Current development in sales and service
The automotive industry in Germany primarily uses a network of dealers for selling motor vehicles (cars and commercials). In large urban areas, some individual brands even have local plant offices that handle sales directly for manufacturers. To date, no new sales channels have managed to become established in new sales forms outside the existing system. The Internet has also not advanced to become a relevant transaction medium for new vehicle business. It is still mainly used as a source of information for customers. In terms of the technical competition between the brands, selective sales continues to be the system of choice to sell customers new drive unit forms such as electric cars.
Selective sales are still the preferred business model for the automotive industry in Germany and the EU for selling new vehicles. The various brands in the EU attempt to achieve maximum territory coverage and customer proximity with a selected number of independent car dealerships, which generally have a connected workshop business. At the same time, the selective sales system is regarded as efficient, profitable and good for competition.
For car sales, a nationwide network of dealerships means an opportunity to maintain regular customer contact and therefore to communicate the values of the brand concerned. The communication of the emotional elements of a brand to private customers is one of the major duties of the dealership. The dealerships in the sales network compete with each other in terms of price and service and thus enhance what they offer to customers.
In contrast to car business, sales of commercial vehicles are mainly aimed at business customers. These customers are now interested in purchasing complete packages, which may include the vehicle, the body, the finance and other aftersales services. Commercial vehicle customers have three main demands on sales, namely detailed sales support, the availability of demonstrators and easy access to the sales staff for the needs of the commercial vehicle company. The sales staff are expected to have relevant experience in the customers’ sectors. This means dealers must continually invest in training their staff. Commercial vehicle customers demand a complete “full-range” service network from the brand, which can provide efficient support for running a commercial vehicle fleet – for example by ensuring low downtimes for servicing and repair work.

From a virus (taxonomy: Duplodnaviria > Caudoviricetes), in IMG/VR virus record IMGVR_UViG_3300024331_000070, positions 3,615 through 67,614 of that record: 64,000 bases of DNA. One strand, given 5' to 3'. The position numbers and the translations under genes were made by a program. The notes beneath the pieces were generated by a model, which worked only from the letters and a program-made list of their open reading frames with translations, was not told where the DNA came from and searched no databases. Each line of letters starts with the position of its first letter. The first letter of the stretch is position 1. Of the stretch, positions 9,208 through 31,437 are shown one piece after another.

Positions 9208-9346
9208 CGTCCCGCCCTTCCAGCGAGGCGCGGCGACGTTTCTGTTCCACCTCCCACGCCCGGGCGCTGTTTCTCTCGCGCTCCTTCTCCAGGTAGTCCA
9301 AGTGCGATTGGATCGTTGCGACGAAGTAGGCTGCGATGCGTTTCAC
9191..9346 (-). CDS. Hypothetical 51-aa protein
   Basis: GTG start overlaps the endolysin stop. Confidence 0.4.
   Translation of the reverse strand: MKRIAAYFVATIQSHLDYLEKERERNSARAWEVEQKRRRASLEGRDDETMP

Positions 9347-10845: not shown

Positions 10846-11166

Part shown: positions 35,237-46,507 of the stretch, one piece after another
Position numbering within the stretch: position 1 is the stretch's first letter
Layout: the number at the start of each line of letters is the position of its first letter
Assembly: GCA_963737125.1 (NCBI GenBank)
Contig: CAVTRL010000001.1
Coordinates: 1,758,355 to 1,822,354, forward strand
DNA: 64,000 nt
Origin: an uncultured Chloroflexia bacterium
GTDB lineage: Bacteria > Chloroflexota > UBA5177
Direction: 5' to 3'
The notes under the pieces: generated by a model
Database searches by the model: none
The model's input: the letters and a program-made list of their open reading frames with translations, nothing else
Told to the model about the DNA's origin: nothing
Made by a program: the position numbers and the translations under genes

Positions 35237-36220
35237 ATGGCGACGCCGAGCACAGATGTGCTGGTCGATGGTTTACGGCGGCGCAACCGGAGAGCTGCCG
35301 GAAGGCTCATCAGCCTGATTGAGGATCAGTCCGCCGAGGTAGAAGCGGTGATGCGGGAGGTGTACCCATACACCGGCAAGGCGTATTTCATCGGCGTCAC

The EU’s Vertical Block Exemption Regulation (No. 330/2010) dated 20 April 2010 provides a reliable legal basis for the industry and trade for continuing selective sales systems. The planning and investment security that the regulation brings is a decisive factor that will allow businesses to remain viable in the competition among the brands, especially for medium-sized dealer businesses. The more flexible provisions in the Vertical Block Exemption Regulation enable manufacturers and dealers to reduce costs and increase the efficiency of the sales network. In view of the sustained competitive pressure on the industry and motor trade, production and sales costs are under great adjustment pressure. The Vertical Block Exemption Regulation will enable the players in the motor industry to adjust to changing conditions more easily. The various brands can adjust their business models to this. However, there is no need for a standard route for the design of the vertical sales structure.
The Internet has now become established as a trading and information platform in the automotive industry. It has become an essential source of information for the buying process. In the used car trade it has been more important than all other sources of information for many years, and for some years it has also produced new usage forms such as social networks, forums and blogs. Before buying a new car, the Internet also plays a major role as an information source. However, there is still no particular demand for buying portals for new cars. The status of an online portal for new cars as a transaction location is therefore still in its infancy, particularly since the delivery of the vehicle is still mainly handled by dealerships.